It is easy to think of the football team and the automatic BCS bid when thinking about TCU’s move to the Big 12 Athletic Conference in 2012. But the move has effects on all of TCU’s sports. All Horned Frog athletic programs will benefit from closer geographic distances between Fort Worth and opposing destinations.
The average current Mountain West Conference foe is located 1,009 miles away from Fort Worth. In next year’s Big 12, opponents would be approximately 450 miles from Cowtown. That number will remain true if West Virginia’s move to the conference is finalized. Morgantown, W. Va., is a 1,200-mile trip from Fort Worth. The other eight Big 12 schools are within an average distance of 355 miles.
The football team, with four conference road games, would save 2,236 travel miles going on the road.
The men’s and women’s basketball teams would each save 3,913 travel miles for their seven conference road games, and the baseball team would travel 6,708 less miles playing 12 conference games away from home.
In total for those three major sports alone, TCU athletics saves 16,770 miles of travel being in the Big 12 rather than the Mountain West.
TCU Director of Media Relations Mark Cohen said the shorter trips would be good for the team, but also for the fans.
“I think it will get the students more invested in TCU sports, because even the casual fan will have reasons to go to these games,” Cohen said.
Cohen also said student-athletes will miss less class time, and that is a huge benefit for them academically.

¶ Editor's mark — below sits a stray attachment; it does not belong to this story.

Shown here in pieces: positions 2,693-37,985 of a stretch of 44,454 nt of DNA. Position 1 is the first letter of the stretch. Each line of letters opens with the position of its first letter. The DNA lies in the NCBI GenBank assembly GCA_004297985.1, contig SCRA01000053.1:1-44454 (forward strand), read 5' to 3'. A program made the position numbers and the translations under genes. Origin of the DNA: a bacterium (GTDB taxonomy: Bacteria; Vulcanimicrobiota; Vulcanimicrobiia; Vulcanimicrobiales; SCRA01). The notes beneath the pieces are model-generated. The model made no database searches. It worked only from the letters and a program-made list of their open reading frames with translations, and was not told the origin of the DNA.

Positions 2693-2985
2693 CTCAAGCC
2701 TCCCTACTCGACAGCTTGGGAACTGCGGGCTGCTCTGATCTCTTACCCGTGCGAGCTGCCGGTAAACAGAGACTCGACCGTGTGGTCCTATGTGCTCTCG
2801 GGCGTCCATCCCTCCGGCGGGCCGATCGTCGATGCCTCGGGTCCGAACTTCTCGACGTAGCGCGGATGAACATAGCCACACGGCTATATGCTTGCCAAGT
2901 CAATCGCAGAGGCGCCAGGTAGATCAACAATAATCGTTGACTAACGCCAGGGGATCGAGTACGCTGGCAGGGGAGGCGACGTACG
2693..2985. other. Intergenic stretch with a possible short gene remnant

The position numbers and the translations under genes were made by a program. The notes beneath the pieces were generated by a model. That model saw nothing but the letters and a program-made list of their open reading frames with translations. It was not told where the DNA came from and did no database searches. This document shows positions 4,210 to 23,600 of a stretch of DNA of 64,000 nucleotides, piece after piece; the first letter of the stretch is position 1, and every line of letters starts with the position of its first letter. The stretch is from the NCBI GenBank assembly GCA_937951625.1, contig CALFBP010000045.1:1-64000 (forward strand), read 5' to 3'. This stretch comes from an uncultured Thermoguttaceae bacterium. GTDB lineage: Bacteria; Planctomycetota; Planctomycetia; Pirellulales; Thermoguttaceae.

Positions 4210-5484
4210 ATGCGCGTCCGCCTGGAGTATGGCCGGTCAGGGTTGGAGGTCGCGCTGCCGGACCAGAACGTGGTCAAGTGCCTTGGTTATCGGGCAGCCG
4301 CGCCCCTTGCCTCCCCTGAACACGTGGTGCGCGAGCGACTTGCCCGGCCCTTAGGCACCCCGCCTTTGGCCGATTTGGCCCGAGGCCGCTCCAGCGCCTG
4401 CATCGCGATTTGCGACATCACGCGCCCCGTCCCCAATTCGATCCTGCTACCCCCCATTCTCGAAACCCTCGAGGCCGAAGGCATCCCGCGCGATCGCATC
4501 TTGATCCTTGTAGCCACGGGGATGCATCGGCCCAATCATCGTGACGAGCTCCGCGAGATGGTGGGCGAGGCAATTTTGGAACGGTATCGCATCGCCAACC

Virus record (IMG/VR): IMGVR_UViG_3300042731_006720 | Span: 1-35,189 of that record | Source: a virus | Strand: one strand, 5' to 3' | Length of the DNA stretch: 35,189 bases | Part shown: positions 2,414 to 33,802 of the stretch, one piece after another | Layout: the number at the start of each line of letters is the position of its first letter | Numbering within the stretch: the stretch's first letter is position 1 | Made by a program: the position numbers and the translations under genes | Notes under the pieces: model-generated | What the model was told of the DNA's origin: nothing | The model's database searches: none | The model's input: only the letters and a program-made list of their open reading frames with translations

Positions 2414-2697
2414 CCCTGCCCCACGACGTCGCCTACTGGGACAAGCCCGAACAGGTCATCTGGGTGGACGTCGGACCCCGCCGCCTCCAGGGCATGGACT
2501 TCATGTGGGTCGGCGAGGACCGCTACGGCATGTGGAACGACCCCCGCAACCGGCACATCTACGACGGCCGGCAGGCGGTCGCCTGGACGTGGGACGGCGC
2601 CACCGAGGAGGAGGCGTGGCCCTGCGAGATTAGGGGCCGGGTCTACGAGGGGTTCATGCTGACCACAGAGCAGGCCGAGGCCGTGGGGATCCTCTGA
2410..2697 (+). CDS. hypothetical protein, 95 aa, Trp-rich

The conference switch also means more money for the school.
“As a private institution, we don’t release any financial figures,” Cohen said. “But it’s no secret that moving to the Big 12 will afford the school more revenue opportunities.”
The Big 12 athletic conference has a 13-year TV contract with Fox Sports. That contract includes a revenue-sharing deal for Big 12 football, men’s basketball and NCAA tournament games. Cohen said ESPN is also a partner with the conference.
TV revenue and the BCS status of the Big 12 are both potential contributors to revenue gain for TCU, no matter what the figures are.
Cohen said recruiting would be enhanced in the Big 12. More athletes want to play in a more competitive athletic conference like the Big 12, and the geographical situation in the new conference will appeal to recruits from this region.
“The main knock on TCU in recent years, especially in football, has been the conference they play in,” he said. “It was always that TCU didn’t play in the Big 12, and now that criticism is gone.”
The other main effect the move has on every sport is an increase in competition. Across the board, Big 12 athletic programs boast more competitive opponents.
Several of these major effects are relevant to all sports. Following is a rundown of how the move will affect other TCU athletics programs, beyond football:
Six of TCU’s future Big 12 opponents find themselves ranked in the top 51 teams in the country.
TCU has established itself as a College World Series contender over the past couple of seasons, and Cohen said the team would likely only improve in the new conference.
Cohen said attendance would be a big upgrade for TCU, who already boasted an average crowd of over 4,000 fans, placing them in the top 10 nationally.
“Imagine a three-game home stand against the [University of Texas] Longhorns,” Cohen said. “Lupton Stadium will be filled on a regular basis for these conference games.”
An average Big 12 men’s basketball contest draws more than 11,000 fans, which would sell out the Daniel-Meyer Coliseum (maximum capacity of 8,500). The largest crowd in TCU men’s basketball history is 7,267, according to GoFrogs.com.
The addition of West Virginia brings a Big East program that attracts almost 11,500 fans to home basketball games, and has 23 NCAA appearances.
Cohen said the men’s basketball program would be the program to benefit most from the move in conferences, aside from football.
“More recruits from the state of Texas see that TCU is in the Big 12 and look forward to playing against that level of competition,” he said.